Social media has become the new storefront, a new survey by Curalate indicates. Among US consumers, 76 percent reported buying items they first saw in a brand’s social media post, and 40 percent shop online at least once per week.
Additionally, young people are significantly more affected by social media. Curalate’s data found that among 18-to-34-year-olds, 52 percent shop online weekly, and were 3.3 times more likely to discover products on social media than average US consumers.
“With billions of people inhabiting social networks, the content they thumb through has the potential of setting in motion a journey that leads from discovery to purchase,” said Curalate CEO Apu Gupta. “Creating those moments of discovery represents a massive opportunity for e-commerce to go beyond search and to introduce people to their next great find.”
Marketers can take advantage of this information by incorporating existing payment platforms. Eighty-five percent of daily online shoppers say that one-click payment options would make them more likely to buy directly on social media.
A new study by Engagement Labs tracking quick-service restaurants points to increasing relevance for underdog fast-food chains at the expense of previously strong coffee providers. Chipotle, Taco Bell, Wendy’s and In-N-Out all made the study’s top 10 rankings in terms of both on- and offline consumer conversations, while Starbucks and Dunkin’ Donuts fell from their places of prestige.
“In the case of Dunkin’ Donuts, the company saw a decline in its sentiment scores, which is a concern because our predictive analytics show that sentiment is an important driver of future sales,” said Ed Keller, CEO of Engagement Labs. “Meanwhile, Starbucks dropped in the ranking due to a decline in its brand sharing scores, demonstrating that consumers are sharing less of the coffee chain’s content online, while also talking less about its marketing or advertising in offline conversations.”
TVision Insights has released its “Q3 2017 Eyes-on-Screen TV Attention Report,” tracking the best television content in terms of capturing and maintaining consumer attention.
This quarter, ABC’s Modern Family and AMC’s Turn: Washington Spies scored highest for watcher attention, while Land Rover and P&G’s Bounce had the most engaging ads, according to the study.
The Interactive Advertising Bureau released a new report on OTT co-viewing, indicating that watching video content with others significantly increases engagement with and conversation about brand content.
More than 50 percent of co-viewers report regularly talking about brands and products they see on OTT channels, and more than 90 percent of Americans ages 13-to-64 co-watch TV programming.
“Watching TV has always had an important social component, and this has absolutely continued as OTT platforms become ever-more important parts of people’s viewing rituals,” said Chris Kuist, senior vice president of research and impact at IAB. “This social aspect of biggest screen in the house is powerful and is being amplified on OTT platforms in ways that can greatly benefit marketers.”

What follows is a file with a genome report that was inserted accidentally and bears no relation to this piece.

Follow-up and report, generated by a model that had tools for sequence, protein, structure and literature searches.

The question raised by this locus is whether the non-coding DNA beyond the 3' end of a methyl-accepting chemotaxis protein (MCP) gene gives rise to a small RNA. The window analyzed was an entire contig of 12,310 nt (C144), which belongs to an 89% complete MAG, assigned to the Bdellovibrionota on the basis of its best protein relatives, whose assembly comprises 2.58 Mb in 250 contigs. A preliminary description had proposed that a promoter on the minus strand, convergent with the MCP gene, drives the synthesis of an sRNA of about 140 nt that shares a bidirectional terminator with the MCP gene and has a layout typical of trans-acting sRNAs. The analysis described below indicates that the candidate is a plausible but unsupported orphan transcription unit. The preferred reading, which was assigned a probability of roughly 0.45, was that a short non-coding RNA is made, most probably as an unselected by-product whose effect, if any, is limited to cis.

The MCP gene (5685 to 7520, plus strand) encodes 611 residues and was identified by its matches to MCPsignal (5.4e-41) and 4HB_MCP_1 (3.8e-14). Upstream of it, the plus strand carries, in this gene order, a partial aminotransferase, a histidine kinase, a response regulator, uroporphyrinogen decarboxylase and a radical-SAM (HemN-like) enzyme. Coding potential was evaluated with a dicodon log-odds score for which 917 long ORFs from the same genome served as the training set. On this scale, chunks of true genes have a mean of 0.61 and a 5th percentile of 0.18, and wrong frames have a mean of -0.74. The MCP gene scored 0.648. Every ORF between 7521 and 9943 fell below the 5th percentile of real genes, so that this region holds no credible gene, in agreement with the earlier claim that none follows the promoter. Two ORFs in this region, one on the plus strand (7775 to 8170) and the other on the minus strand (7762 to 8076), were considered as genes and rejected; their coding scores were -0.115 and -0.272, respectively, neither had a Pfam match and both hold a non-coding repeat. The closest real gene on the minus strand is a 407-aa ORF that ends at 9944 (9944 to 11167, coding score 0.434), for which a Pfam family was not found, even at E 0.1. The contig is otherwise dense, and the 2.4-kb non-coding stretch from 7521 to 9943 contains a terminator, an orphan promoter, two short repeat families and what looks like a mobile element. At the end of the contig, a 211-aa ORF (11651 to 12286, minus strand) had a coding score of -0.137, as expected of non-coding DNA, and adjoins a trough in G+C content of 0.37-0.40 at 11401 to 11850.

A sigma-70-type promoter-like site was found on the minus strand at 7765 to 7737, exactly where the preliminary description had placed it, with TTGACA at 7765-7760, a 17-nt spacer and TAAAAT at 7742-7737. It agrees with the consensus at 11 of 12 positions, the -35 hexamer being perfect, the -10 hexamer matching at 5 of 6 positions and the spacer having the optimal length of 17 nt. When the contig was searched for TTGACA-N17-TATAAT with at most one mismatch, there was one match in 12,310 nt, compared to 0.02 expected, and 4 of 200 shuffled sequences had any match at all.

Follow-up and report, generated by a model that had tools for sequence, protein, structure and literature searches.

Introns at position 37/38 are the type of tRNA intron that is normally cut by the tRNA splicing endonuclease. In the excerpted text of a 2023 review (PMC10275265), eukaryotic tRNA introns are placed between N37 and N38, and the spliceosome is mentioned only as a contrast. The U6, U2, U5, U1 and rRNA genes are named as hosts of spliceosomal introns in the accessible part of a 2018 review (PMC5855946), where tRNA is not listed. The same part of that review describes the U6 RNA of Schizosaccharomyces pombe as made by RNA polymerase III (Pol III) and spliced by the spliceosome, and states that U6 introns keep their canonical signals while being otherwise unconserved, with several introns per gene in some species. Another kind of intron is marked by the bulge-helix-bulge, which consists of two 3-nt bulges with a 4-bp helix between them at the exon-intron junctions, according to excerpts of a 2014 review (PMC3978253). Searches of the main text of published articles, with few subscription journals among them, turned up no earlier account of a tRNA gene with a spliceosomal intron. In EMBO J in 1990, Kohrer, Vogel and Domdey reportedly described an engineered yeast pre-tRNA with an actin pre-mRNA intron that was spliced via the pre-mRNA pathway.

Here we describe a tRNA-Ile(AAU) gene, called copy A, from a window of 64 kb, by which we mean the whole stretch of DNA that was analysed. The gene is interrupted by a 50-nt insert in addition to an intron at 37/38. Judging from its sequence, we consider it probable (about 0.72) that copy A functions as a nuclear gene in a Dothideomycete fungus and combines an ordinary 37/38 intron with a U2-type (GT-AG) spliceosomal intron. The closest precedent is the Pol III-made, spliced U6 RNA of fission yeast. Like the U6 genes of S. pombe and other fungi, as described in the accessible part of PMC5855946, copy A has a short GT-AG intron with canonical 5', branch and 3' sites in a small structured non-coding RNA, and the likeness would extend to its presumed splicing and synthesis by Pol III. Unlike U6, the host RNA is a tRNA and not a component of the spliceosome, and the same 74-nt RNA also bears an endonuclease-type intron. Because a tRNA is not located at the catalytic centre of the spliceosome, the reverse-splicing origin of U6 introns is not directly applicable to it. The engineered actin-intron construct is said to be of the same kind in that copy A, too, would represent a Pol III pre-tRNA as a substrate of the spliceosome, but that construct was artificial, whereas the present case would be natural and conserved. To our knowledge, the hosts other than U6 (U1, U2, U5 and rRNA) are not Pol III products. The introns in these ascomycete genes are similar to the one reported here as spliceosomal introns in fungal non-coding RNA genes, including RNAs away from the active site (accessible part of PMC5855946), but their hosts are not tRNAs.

Netflix, one of the largest OTT providers, released similar research about accidental co-viewing. According to its data, 67 percent of global smartphone users are willing to stream content out of the home, and 45 percent of that group have caught someone else “backseat binging,” peeking at what they’re watching on their phone.
This growing trend leads to more conversation and potential for brands. Of those who stream content in public, 27 percent have been interrupted by a stranger asking about what they’re watching.
Mid-sized companies are finally embracing the emerging technologies they need to thrive in digital marketplaces, according to a report by Deloitte. Among middle-market companies, 36 percent are now spending more than 5 percent of their revenue on technology, up from 26 percent last year. Only 14 percent are spending less than 1 percent on technology, with the rest falling in the middle.
Additionally, the vast majority of mid-market companies plan to tap into cutting-edge technologies in the near future, with 77 percent reporting intent to invest in blockchain and 64 percent in mixed reality.
McAfee released its third annual “Most Hackable Holiday Gifts” list, identifying the most glaring security flaws in common consumer electronics and public opinion on them. Of the people McAfee surveyed, just 22 percent agreed that connected toys and appliances need to be secure, as compared to 69 percent for laptops, tablets and smartphones.
“We continue to see connected devices high on holiday wish lists, but it’s clear consumers don’t always understand the importance of protecting devices at every point of connection and within products themselves,” said Gary Davis, chief consumer security evangelist at McAfee. “In many cases, consumers are simply unaware that their devices need to be protected or how to protect them.”
More than 90 percent of consumers agree that security is important, but only 53 percent have taken the necessary steps to protect themselves.
Canalys released its research on the wearable band market in Q3 2017, revealing that interest in smartwatches and other such devices is waning, if slightly. Overall, the wearable band market fell by 2 percent this quarter, reaching 17.3 million units sold. Among individual players, Apple took the lead with its Apple Watch Series 3, claiming 23 percent of total market share.
“Strong demand for the LTE-enabled Apple Watch Series 3 has dispelled service providers’ doubts about the cellular smartwatch not appealing to customers,” said Canalys analyst Jason Low.
(Editor’s Note: This post will be updated daily until Friday, November 17.)